But the Holiday Bowl between California and Texas is going to be about one thing until kickoff Dec. 28 at Qualcomm Stadium: 2004.
The better part of the next month is going to be spent rehashing the circumstances that sent the Longhorns to Pasadena and the Golden Bears to San Diego.
For his part, Tedford said, "I don't remember much about it except for feeling like there was a great opportunity there."
For everyone else, especially Old Blues still waiting for their first trip to the Rose Bowl since 1959, they remember Texas head coach Mack Brown lobbying, glad-handing and politicking to get his team up to No. 4 in the BCS, securing an automatic berth in the Granddaddy of Them All.
Texas would knock off Michigan as time expired in a thriller, laying the foundation for its return visit a year later that would end with the BCS title.
Cal was relegated to the Holiday Bowl, where a disinterested, disengaged and disappointed team was thumped by Texas Tech, 45-31.
Since then Brown has been if not Public Enemy No. 1, then on the most wanted list for Cal fans.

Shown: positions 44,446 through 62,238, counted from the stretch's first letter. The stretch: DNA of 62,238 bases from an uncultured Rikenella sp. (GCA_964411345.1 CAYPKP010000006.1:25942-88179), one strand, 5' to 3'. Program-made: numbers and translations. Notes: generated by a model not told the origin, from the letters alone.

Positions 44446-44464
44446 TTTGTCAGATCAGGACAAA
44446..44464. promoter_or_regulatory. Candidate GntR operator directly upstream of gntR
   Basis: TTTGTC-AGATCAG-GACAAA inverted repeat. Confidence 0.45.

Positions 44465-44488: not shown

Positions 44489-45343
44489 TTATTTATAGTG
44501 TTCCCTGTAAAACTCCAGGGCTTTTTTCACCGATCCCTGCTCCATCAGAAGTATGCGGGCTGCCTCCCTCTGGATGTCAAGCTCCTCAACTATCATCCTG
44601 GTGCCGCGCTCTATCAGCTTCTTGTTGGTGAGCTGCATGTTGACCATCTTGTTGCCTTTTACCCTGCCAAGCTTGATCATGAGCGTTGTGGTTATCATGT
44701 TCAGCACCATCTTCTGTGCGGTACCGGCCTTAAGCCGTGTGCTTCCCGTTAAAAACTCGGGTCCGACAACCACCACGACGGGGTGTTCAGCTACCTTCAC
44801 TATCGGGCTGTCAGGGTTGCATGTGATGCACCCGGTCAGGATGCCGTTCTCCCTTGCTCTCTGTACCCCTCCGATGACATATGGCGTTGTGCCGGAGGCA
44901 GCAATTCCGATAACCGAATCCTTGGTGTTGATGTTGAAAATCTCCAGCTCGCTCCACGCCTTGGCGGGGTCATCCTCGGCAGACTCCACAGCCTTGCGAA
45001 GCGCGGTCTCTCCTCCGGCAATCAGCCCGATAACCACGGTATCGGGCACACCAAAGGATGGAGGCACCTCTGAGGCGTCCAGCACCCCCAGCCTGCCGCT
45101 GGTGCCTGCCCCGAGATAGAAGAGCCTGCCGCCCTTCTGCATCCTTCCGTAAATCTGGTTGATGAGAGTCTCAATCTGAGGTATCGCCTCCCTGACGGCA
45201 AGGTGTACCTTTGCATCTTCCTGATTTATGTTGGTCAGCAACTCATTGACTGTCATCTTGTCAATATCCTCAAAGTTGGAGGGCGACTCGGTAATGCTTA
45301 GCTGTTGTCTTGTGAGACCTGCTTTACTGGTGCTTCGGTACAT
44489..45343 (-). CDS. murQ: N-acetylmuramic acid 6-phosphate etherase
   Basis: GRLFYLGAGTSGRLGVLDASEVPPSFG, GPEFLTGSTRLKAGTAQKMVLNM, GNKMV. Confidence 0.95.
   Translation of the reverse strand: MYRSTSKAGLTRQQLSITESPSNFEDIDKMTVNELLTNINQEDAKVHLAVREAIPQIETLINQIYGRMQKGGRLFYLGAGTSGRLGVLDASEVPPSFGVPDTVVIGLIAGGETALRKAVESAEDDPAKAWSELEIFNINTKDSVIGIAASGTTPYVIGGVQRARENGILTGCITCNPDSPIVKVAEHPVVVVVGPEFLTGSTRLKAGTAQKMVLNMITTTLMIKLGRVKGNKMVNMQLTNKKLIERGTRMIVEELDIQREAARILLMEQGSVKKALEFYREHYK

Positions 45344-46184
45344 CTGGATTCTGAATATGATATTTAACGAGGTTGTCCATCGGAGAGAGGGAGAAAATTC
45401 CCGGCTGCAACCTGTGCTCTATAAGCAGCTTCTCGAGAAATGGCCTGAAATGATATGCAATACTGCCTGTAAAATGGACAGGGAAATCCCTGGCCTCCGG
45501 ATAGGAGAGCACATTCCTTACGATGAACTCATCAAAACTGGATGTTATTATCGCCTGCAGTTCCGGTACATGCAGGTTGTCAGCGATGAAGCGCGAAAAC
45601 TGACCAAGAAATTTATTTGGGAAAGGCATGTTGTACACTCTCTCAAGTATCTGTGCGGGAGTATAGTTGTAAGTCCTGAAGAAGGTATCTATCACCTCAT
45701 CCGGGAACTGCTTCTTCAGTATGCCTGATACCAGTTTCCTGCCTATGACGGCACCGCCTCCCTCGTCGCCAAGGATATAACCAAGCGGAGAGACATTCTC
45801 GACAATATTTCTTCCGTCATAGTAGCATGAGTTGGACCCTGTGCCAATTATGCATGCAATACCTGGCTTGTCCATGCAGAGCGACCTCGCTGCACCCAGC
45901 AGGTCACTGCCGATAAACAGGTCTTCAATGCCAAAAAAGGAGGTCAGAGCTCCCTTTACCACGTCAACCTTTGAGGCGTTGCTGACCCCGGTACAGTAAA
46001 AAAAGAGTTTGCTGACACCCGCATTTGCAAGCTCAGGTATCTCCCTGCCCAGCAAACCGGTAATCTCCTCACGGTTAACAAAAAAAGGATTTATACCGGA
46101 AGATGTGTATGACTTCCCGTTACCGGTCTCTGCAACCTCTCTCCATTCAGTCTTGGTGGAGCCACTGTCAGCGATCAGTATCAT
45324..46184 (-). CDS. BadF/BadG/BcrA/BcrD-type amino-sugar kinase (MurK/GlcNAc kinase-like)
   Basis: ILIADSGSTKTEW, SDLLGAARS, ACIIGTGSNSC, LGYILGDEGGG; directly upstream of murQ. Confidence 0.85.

Tedford said he holds no ill will and considers Brown "a friend.
"I've gotten to know Mack over the years. We've had chances to visit and hang out," he said.
Now there is a chance for the fan base to exact a measure of satisfaction, although not in the ideal circumstances.
Cal (7-5, 4-5 Pac-12) and Texas (7-5, 4-5 Big 12) are almost mirror images of one another, not where they want to be and hoping to use this game as a launching point to bigger and better things in 2012.
Both are back in the postseason after disappointing 5-7 campaigns last season.
"I don't know what Texas' run had been, but I know it was pretty extensive," Tedford said. "I know we had been bowl eligible every year that we've been here. So now, we've been bowl eligible for nine of the last 10 years. It's great to be back and to be able to practice and compete against such a great team like Texas."
Both have relied on defense and a strong running game to protect new starting quarterback.
But Cal closed on a high, winning three of its last four and pushing No. 4 Stanford in a 31-28 loss, whereas Texas lost three of its last four, salvaging November with a last-second win at rival Texas A&M.
"That's the mark of a quality football team, one that continues to improve and get better. I think this team did that," Tedford said. "It shows a lot of character to fight through some adversity earlier in the year to play well down the stretch."
The players that did so much this season were not even in high school when 2004 happened, but for fans, they will be playing for more than a win.
They will be playing for a bit of redemption.